Wednesday, June 13, 2007

Climate change takes its toll in Asia

As torrential rains continue to sweep across South China and Bangladesh, Sir David King, the UK government's chief scientist told a committee of MPs that global warming has already altered the climate and the country will have to prepare for extreme weather such as heat waves and "torrential downpours". Flash floods in Britain are likely to be the biggest immediate problem caused by climate change, he warned. In China, roads have been turned into rushing rivers, flooding cities, towns and villages in the provinces of Hunan, Guangdong, Guangxi, Guizhou, Jiangxi and Fujian. The death toll has risen to at least 76 and three-quarters of a million people have been forced from their homes, with rain forecast to continue to the end of the week. Nine million people are affected by the worst flooding in 50 years. In some areas the torrential rain has triggered land and mudslides, destroying crops, roads and houses. Meanwhile, some northern regions of China are being hit by heatwaves, with temperatures in parts likely to reach 40 degrees. And to add to the country’s predicament, the glaciers which feed China's great waterways, the Yellow River and the Yangtze, are beginning to melt. The Chinese government says the glacier area around Mount Everest has shrunk by some 21%. In the short term, glacier melt will increase flooding downstream, but in the long term it will lead to drought as the source of the great rivers of Asia dries up.

In Bangladesh, predicted to be among the countries worst affected by global warming, heavy rain caused further havoc in the port city of Chittagong on Tuesday where rescuers have recovered at least 87 bodies but more feared missing following the biggest storm in decades. Officials and witnesses said the deaths were caused mostly by landslides and the collapse of ramshackle dwellings in the city of nearly 5 million. The flooding was so extensive that survivors were having difficulty finding dry ground to bury the dead. A Chittagong survivor said Monday's landslides struck so quickly that nobody had time to react. "The hills just came crushing down on us," one said. "It looks like we are living in a ghost city," a rescuer said. "Never before in my life have I confronted such a calamity," said another. Millions living on the banks of other rivers are also threatened. In Australia, where the ‘thousand-year’ drought led Prime Minister John Howard to threaten a ban on irrigation for farming and to ‘hope and pray for rain’ in April, a major storm has battered the east coast for days, causing the worst flooding in the Hunter Valley for 30 years, beaching a coal ship and flooding coastal towns. In Tajikistan, Central Asia’s poorest country, temperatures have risen and glaciers are melting - causing floods, pollution, disease, landslides and migration. Tajik glaciers provide water for the whole of Central Asia.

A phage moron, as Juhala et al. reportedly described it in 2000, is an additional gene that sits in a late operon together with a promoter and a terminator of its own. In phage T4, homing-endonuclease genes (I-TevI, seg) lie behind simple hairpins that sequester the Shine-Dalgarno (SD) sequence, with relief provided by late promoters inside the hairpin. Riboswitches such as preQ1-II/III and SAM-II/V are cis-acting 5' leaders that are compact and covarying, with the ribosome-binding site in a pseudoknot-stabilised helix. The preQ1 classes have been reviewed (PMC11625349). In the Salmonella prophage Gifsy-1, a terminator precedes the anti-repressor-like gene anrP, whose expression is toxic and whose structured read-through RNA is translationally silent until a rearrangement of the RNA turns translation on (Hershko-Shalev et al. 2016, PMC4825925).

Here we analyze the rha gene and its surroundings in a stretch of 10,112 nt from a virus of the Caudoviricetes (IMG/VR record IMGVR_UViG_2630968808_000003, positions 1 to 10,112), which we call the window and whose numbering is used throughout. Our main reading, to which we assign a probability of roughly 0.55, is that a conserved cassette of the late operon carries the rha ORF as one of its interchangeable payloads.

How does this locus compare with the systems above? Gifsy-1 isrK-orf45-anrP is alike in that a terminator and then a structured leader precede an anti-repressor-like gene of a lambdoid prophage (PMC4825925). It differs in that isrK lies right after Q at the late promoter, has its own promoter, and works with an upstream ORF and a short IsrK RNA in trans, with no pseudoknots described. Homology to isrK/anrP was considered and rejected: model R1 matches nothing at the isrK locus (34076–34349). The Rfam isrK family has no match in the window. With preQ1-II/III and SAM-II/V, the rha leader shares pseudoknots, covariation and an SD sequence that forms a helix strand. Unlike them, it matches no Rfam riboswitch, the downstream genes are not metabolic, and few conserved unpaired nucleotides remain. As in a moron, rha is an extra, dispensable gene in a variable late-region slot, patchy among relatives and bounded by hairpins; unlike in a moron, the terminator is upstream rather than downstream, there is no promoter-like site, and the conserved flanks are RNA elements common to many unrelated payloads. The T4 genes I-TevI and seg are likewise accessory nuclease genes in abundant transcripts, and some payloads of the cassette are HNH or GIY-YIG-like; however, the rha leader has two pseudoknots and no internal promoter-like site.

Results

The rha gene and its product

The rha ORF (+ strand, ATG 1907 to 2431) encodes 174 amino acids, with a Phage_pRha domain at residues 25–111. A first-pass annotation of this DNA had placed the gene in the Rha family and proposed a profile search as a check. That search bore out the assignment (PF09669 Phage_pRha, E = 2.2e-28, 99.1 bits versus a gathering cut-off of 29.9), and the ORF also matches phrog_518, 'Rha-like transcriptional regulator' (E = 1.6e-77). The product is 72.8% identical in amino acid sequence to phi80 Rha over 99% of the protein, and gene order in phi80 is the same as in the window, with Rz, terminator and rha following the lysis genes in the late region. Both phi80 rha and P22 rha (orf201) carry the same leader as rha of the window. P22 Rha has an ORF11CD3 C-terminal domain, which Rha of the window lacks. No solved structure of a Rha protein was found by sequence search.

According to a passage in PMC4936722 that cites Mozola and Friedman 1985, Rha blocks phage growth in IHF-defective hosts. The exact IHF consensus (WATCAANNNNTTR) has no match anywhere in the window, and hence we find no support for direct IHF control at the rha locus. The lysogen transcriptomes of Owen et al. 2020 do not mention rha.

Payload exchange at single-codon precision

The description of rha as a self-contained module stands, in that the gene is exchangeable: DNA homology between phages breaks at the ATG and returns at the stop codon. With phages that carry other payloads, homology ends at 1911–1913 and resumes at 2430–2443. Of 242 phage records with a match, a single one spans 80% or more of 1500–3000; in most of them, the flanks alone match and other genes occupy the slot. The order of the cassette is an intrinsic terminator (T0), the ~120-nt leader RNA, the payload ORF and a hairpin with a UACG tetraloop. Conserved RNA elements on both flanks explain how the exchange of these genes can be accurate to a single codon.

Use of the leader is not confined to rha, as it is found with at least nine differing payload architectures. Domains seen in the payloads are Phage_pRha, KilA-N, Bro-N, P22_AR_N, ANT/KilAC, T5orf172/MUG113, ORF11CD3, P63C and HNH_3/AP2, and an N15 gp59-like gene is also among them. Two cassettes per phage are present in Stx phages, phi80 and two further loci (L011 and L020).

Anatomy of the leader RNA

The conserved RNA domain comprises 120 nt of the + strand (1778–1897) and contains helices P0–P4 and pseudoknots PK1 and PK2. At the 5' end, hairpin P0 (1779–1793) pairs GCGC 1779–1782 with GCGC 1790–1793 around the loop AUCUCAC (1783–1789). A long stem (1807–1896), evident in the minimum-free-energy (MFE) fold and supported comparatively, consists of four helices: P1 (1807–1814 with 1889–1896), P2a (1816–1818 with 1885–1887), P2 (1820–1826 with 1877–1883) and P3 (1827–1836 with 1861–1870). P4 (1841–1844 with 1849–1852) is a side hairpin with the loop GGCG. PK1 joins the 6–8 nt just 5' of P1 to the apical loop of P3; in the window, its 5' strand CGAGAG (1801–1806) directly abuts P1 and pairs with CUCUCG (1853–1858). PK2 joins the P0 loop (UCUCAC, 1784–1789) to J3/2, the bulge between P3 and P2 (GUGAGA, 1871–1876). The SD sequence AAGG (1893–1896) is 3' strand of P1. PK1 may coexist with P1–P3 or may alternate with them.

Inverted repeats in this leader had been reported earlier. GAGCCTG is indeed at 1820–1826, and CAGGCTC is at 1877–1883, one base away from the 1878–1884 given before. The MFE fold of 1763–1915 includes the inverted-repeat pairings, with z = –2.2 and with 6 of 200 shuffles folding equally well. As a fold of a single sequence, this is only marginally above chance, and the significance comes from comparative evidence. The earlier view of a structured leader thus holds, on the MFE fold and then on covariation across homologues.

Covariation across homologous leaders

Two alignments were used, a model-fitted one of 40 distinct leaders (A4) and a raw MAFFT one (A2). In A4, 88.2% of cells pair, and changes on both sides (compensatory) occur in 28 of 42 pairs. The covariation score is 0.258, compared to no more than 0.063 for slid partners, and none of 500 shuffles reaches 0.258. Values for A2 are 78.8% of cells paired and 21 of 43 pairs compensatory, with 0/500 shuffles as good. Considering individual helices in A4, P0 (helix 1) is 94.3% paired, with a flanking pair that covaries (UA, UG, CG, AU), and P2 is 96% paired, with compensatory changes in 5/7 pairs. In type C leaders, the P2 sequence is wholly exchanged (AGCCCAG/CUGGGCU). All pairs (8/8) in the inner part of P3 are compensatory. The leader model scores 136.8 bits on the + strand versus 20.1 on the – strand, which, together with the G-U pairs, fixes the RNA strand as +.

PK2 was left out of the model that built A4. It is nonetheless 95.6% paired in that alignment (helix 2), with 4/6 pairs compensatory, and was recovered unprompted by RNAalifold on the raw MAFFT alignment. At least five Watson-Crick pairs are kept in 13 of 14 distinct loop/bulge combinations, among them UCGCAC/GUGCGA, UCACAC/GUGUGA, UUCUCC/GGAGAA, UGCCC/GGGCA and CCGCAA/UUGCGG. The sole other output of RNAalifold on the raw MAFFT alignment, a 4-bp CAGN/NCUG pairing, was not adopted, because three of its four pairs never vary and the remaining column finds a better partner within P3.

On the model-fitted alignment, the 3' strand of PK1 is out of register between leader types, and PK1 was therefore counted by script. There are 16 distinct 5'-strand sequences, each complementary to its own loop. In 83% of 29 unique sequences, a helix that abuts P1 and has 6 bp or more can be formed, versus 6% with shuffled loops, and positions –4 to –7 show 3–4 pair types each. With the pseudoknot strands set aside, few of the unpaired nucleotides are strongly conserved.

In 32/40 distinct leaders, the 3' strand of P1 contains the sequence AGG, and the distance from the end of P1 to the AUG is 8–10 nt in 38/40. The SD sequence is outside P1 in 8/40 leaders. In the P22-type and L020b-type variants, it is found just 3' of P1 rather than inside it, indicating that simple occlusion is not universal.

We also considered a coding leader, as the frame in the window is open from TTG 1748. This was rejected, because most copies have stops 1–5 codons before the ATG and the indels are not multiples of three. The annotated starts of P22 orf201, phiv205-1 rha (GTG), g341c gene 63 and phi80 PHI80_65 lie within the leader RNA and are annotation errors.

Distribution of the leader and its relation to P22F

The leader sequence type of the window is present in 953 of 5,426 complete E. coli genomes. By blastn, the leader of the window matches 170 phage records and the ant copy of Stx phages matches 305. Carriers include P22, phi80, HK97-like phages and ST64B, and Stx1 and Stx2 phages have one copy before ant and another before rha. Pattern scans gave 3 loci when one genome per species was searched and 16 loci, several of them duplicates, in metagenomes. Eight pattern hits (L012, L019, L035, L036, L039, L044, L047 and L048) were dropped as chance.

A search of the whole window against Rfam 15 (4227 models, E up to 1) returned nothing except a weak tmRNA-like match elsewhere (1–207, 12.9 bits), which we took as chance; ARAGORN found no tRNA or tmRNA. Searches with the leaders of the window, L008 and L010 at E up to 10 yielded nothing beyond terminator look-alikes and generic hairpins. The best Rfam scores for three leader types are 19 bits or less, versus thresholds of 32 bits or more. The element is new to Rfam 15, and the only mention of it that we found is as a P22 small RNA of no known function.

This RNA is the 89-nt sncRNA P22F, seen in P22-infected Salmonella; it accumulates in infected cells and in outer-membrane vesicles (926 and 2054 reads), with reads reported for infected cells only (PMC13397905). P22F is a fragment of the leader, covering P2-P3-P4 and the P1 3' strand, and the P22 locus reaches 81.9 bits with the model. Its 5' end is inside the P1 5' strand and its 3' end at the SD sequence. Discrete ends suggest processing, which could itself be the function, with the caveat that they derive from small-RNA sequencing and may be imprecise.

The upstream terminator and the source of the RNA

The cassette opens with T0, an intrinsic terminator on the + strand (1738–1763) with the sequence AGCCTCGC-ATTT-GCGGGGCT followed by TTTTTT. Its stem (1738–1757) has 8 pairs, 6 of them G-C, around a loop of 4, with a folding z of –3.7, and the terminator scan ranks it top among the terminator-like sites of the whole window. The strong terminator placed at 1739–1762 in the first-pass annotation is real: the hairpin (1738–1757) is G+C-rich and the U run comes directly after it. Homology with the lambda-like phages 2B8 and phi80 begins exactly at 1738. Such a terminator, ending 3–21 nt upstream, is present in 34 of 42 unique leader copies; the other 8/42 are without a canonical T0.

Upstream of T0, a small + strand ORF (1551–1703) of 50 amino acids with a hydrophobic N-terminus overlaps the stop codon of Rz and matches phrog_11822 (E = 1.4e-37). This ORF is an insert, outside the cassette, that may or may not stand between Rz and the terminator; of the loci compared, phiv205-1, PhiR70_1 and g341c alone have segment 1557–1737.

Just in case you think this is someone else’s problem, a report this week said London’s flood defences would only cope for another 20 years and that £20 billion would have to be spent to keep rising sea levels at bay. In the meantime, having announced the world’s highest profits earlier this year, Exxonmobil continues to fund the climate change denial industry - to the tune of $22 million since 1998. And while the rest of us are trying to reduce energy use, the company is counting on global oil consumption rising by 50% by 2030. Despite all the talk at the G8 and elsewhere, there can be no action on climate change until the grip of the corporations is broken.

Gerry Gold, economics editor

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